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Israel Center unites array of advocacy programs
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Israel Center unites array of advocacy programs

The Jewish Federation of Greater MetroWest NJ launched its new Israel Center, cementing the organization’s bonds with the country even as its army and citizens sought relief from a rain of rockets launched from the Gaza Strip.

The center — whose inaugural gathering took place Nov. 15 on the Aidekman campus in Whippany — was created to provide an umbrella for all the Israel endeavors of the two federations that merged earlier this year to form the Greater MetroWest federation. The goal, said organizers, is to enhance the connection between the committees and departments of GMW that relate to Israel.

“The Israel Center represents the synergy of what we’re bringing here from Israel, and from here to Israel,” said Robert Kuchner, chair of the federation’s Israel and Oversees Committee, who chaired the gathering.

The center includes the Israel and Overseas Committee, the Legow Family Israel aProgram Center, the Religious Pluralism Committee, the Partnership2gether Committees, the Overseas Committee, the Keren Ness Fund, and the Greater MetroWest Israel Office.

Kuchner said the center would link all those groups, plus the seven communities in Israel and two in Ukraine that partner with the federation in sister-city relationships.

Underlining these connections, the federation’s executive vice president, Max Kleinman, said that among the very first foreigners to arrive in the United States to help Hurricane Sandy victims were 18 workers from IsraAID, a quasi-governmental relief agency. “And now the tables are turned again, and we are raising funds to help people in Israel deal with the attacks from Gaza,” he said.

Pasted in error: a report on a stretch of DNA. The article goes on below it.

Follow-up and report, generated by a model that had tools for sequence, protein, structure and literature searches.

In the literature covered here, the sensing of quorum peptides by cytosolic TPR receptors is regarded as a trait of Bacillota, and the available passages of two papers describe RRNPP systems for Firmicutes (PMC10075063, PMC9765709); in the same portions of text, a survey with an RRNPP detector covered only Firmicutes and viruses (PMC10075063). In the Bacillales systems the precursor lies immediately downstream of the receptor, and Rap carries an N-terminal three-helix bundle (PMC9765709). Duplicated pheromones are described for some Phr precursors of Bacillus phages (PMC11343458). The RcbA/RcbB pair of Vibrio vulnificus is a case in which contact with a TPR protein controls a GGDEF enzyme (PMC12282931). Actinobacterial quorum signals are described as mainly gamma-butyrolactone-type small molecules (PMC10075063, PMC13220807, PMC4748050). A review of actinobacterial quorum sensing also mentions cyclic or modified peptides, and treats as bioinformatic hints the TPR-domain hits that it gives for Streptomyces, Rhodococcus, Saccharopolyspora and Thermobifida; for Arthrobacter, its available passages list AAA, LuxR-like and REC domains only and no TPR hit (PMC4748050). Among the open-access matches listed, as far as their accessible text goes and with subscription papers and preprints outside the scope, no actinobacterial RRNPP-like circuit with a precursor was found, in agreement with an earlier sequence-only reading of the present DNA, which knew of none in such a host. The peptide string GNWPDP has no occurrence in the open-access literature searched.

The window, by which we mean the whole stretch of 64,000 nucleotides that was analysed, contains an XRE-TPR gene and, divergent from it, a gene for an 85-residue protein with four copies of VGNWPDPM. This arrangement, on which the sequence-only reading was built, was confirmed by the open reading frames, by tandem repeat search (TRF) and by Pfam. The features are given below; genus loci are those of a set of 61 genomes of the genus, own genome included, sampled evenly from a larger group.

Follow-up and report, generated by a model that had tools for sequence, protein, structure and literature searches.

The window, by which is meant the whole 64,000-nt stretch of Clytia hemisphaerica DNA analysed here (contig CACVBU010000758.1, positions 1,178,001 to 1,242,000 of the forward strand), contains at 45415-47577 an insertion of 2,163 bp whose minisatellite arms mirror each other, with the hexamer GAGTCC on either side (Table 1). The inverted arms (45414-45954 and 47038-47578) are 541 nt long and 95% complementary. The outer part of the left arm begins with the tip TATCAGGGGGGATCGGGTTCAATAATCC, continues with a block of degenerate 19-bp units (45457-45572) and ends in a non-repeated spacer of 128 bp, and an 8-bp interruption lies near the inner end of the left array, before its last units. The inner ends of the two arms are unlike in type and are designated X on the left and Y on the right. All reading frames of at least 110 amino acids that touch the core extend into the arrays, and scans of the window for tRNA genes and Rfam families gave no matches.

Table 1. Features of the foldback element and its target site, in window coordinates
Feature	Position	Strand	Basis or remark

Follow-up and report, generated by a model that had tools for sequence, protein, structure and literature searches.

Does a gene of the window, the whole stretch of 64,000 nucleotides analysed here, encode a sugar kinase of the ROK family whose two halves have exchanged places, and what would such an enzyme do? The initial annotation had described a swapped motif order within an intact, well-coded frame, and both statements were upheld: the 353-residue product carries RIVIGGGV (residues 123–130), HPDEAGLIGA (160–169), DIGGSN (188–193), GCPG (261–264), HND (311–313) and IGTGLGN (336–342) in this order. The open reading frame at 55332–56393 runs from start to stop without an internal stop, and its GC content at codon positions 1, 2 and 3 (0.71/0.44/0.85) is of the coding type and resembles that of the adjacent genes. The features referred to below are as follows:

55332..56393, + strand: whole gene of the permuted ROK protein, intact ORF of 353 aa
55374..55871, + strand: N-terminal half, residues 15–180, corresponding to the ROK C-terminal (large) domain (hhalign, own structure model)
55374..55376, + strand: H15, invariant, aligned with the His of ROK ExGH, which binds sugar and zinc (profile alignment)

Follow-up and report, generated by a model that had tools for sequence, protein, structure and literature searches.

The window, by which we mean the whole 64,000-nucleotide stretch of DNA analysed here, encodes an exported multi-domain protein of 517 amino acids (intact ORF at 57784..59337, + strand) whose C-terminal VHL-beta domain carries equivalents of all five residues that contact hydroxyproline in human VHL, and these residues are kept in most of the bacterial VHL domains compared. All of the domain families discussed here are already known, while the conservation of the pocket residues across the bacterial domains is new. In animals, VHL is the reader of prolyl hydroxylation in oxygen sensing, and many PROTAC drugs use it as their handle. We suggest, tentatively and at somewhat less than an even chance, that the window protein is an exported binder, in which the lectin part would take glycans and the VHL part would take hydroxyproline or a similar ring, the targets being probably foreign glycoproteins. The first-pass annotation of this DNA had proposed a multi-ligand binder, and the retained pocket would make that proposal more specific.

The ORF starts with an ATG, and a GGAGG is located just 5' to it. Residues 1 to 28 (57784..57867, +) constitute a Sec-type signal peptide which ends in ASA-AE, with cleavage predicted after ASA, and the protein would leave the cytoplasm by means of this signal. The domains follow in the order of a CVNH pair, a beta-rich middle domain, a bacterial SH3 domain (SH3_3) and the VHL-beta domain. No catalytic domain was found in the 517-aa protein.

‘Perfecting the state’

 

Keynote speaker Gil Troy — professor of history at McGill University in Montreal and a Shalom Hartman Engaging Israel Research Fellow in Jerusalem — said that his wife was in Israel, dealing with the anxiety from missile sirens and trying to keep life normal for their children. “On an evening like this when my soul is hurting, it is uplifting to be taken into your merged community,” he said.

A Queens native whose books include Why I am a Zionist, Troy applauded the NJ community “for not being afraid of the ‘Z word.’”

In many places, he said, “The ‘Z word’ is less and less popular. It doesn’t ‘poll well.’ They say it’s too controversial.”

The focus of his presentation was his new book, The Moynihan Moment: America’s Fight Against Zionism as Racism (Oxford University Press), which focuses on the late Sen. Daniel Patrick Moynihan’s role in combating the infamous “Zionism with racism” resolution as United States ambassador to the United Nations in 1975.

Troy was a teenager at the time, and described the massive pro-Israel rallies that opposed the resolution as a stirring affirmation that brought support even from a black civil rights leader like Bayard Rustin.

Acknowledging that Israel is “an imperfect expression of human work and human action,” Troy said the challenge of “Zionism 2.0” is “perfecting” the state. Doing so, he said, calls for “the to and fro” between Israel and its supporters in the Diaspora. It also calls, he added, for another Moynihan, a leader who can boldly demand American support for Israel and all the deeper values Zionism offers.

Among the 100 people present were a number who said their children were studying or living in Israel, and others who had recently returned from a mission.

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